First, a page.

Developing a web-based dictionary database

  1. 1. Jonathan J. Webster

    City University of Hong Kong

  2. 2. Martin S.P. Chiu

    City University of Hong Kong

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Developing a web-based dictionary database
Jonathan J. Webster
City University of Hong Kong
Martin S.P. Chiu
City University of Hong Kong
Keywords: WWW, OODB (object-oriented database), lexicography

City University recently established the CityU-B.A.(Hons)Language Information Science (BALIS) Website Management Programme as an opportunity for our students to gain hands-on experience in setting-up and managing a web server dedicated to publishing information on the Chinese Language and topics in Chinese Linguistics. Through their participation in the programme, students will learn how to perform all the tasks related to web design and development, including HTML authoring and editing, internet programming, and server management and security. The information to be published on the server will be related to Chinese Linguistics and the Chinese Language, a major research emphasis of the Department of Chinese, Translation and Linguistics at City University. The following information will be made available from the website: (a) an on-line bilingual glossary of linguistics terminology (Chinese/English); (b) an archive of recorded speech samples from Chinese dialects; (c) an archive of papers on Chinese linguistics; (d) an on-line bilingual Chinese/English language dictionary.
The CityU-BALIS Website, to be publicly launched in 1997, will provide a point of access on the Web for those interested in finding out more about the Chinese language. Moreover, with the expertise our students will have acquired through their active participation in managing and promoting the CityU-BALIS Website, they will be better prepared for careers where skills related to website publishing, programming and management are required. To meet our objectives, both in terms of producing an innovative, informative and interactive website, as well as to better train our students, we must constantly experiment with the latest technological advances for communicating information over the Web. The on-line bilingual dictionary, the last item in the list above, illustrates our on-going efforts to merge advances in language information science with the dynamic technology associated with the World Wide Web.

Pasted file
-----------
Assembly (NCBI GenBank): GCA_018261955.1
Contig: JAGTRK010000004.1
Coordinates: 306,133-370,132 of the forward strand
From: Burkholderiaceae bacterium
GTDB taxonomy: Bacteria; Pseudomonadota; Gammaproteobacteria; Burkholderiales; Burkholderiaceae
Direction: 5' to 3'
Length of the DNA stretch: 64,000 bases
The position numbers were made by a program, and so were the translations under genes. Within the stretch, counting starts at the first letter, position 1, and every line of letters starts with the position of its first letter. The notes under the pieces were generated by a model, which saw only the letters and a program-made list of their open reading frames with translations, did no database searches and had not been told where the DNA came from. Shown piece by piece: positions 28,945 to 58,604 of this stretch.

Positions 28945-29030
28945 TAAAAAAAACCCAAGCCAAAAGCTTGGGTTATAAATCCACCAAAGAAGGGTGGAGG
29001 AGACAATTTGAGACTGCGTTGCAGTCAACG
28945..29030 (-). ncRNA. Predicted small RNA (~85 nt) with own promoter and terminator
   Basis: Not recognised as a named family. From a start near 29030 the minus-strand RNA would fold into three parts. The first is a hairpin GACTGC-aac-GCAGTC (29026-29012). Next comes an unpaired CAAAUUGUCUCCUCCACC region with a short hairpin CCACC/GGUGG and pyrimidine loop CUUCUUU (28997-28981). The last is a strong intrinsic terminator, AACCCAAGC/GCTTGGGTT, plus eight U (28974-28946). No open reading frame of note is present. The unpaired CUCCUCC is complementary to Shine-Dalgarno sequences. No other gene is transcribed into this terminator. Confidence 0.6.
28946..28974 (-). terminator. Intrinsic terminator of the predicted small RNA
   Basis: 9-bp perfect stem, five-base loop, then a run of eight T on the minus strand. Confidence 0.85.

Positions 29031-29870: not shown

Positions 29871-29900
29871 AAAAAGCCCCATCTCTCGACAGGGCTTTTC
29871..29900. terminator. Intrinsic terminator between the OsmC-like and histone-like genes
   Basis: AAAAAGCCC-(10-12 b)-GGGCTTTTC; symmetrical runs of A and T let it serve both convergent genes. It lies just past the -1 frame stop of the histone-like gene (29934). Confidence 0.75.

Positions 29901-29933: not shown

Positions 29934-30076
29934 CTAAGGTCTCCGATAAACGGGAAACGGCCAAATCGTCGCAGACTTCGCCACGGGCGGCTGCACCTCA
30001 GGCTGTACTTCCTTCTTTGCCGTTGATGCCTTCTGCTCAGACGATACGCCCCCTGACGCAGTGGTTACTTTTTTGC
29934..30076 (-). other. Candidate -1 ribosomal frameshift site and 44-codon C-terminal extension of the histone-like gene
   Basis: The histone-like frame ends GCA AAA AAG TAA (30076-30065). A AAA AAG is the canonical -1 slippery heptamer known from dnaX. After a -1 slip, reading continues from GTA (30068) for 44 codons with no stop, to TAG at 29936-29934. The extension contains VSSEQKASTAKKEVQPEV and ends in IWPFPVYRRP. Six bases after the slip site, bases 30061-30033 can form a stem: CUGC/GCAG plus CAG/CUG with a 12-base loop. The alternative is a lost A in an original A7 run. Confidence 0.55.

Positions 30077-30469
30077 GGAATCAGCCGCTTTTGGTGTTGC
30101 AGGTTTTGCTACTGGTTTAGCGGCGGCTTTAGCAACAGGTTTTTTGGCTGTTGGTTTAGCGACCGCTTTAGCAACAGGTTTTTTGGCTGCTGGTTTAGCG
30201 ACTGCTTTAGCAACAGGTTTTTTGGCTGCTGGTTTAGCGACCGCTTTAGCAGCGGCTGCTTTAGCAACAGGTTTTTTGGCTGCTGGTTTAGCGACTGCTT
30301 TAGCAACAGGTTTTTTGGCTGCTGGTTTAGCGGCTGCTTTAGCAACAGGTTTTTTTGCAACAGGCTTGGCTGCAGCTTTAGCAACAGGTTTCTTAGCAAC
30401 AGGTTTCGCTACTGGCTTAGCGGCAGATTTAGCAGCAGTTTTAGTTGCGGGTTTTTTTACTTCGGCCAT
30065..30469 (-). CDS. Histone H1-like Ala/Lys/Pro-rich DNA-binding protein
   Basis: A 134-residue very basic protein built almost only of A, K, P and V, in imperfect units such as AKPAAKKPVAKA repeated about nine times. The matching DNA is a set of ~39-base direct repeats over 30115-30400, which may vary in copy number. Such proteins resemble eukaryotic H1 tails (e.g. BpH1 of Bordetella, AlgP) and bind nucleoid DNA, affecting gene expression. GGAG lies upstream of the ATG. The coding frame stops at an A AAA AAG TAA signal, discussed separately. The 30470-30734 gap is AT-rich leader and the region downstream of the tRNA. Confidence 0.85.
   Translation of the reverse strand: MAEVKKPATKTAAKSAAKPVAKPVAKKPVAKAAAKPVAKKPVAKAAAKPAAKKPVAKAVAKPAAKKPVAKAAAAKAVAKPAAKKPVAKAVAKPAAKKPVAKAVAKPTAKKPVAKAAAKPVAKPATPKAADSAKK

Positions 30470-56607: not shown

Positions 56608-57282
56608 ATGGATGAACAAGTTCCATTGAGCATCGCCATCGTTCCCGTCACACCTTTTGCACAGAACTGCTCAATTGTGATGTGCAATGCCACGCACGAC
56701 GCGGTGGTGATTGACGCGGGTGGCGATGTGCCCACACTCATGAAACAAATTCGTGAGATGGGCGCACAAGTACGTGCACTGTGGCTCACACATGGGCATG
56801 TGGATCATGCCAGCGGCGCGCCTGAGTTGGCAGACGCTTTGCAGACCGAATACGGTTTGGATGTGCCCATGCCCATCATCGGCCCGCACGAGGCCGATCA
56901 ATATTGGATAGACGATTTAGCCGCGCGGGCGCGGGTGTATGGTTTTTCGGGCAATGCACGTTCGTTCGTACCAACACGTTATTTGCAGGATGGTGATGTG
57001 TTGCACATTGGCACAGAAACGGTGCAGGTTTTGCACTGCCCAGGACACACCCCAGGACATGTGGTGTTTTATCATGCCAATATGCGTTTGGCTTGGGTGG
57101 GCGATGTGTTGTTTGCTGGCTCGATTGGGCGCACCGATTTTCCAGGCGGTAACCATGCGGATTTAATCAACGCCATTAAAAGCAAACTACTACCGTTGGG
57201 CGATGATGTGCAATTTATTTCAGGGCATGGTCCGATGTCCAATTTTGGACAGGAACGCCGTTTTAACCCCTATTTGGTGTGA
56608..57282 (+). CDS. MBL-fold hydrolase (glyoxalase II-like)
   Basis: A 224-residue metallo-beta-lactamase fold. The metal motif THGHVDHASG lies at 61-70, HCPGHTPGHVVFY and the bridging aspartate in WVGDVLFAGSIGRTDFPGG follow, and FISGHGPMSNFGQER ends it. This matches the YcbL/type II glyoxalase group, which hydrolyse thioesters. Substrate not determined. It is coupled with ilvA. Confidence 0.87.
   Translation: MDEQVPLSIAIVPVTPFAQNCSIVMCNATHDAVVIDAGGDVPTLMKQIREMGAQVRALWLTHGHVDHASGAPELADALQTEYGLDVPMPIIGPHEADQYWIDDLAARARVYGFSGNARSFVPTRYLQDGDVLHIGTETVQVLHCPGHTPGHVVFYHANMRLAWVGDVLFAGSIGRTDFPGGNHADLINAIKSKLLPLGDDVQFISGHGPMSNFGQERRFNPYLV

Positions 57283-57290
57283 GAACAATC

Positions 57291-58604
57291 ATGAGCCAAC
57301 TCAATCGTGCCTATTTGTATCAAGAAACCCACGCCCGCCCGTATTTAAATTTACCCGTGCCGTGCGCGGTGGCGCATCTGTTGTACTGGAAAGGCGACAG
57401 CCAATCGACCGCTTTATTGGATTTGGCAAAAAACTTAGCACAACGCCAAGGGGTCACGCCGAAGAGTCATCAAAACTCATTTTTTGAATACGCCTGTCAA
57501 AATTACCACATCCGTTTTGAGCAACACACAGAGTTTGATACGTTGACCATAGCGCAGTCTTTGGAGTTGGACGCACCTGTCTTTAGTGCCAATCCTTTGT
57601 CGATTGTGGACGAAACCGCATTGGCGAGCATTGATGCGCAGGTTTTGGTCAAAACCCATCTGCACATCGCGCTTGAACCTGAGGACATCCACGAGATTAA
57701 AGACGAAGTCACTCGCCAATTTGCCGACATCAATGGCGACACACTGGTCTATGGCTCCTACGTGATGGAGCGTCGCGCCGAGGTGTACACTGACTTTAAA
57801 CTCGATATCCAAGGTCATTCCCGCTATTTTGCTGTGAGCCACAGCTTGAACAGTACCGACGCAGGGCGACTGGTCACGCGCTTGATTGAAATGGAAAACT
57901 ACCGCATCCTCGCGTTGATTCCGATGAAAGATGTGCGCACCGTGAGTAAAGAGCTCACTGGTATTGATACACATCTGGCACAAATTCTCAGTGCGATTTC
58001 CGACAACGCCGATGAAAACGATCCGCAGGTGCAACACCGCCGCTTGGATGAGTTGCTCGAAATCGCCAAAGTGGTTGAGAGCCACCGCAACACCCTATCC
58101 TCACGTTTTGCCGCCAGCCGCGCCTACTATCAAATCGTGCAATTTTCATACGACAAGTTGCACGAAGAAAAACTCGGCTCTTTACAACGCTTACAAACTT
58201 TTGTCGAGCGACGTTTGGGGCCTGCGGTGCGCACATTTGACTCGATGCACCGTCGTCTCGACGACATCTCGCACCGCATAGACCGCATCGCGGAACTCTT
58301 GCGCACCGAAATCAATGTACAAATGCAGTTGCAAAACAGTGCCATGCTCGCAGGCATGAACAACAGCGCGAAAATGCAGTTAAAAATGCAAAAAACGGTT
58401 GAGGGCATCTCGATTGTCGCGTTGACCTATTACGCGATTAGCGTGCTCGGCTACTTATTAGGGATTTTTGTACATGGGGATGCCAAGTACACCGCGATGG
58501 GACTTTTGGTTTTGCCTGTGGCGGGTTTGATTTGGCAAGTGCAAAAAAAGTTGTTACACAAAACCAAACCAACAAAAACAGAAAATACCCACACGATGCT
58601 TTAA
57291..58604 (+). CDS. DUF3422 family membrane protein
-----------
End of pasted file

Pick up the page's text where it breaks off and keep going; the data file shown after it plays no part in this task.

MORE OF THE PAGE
The on-line bilingual Chinese/English language dictionary will provide web access to lexical information for Chinese and English. Our goal is to provide an on-line bilingual dictionary data retrieval tool for language learners and language professionals. The dictionary database is intended to provide comprehensive coverage of Chinese and English words. Users will be able to (a) retrieve dictionary data for Chinese/English words/phrases as they would with a conventional dictionary; and (b) retrieve entries matching syntactic and/or semantic criteria provided by the user. The three main components or tiers of the application include (1) the back-end database for serving lexical information; (2) a Web-based client-interface for front-end query input; and (3) a middle tier for handling the exchange between the client's queries and the database.

Accessing dictionary data on the internet
How will our WWW Bilingual Chinese-English language dictionary database compare with other attempts at providing internet access to lexical/dictionary data? There are, for example, several 'Webster Servers' available on the internet. Examples (as reported by Steeve McCauley, include webster.cs.indiana. edu (restricted access), (open), (restricted), (experimental). McCauley's 'Windows Webster Client' is an example of software which facilitates downloading dictionary data from such servers. Typical dictionary data is generally retrievable much as one would expect to find in an ordinary dictionary.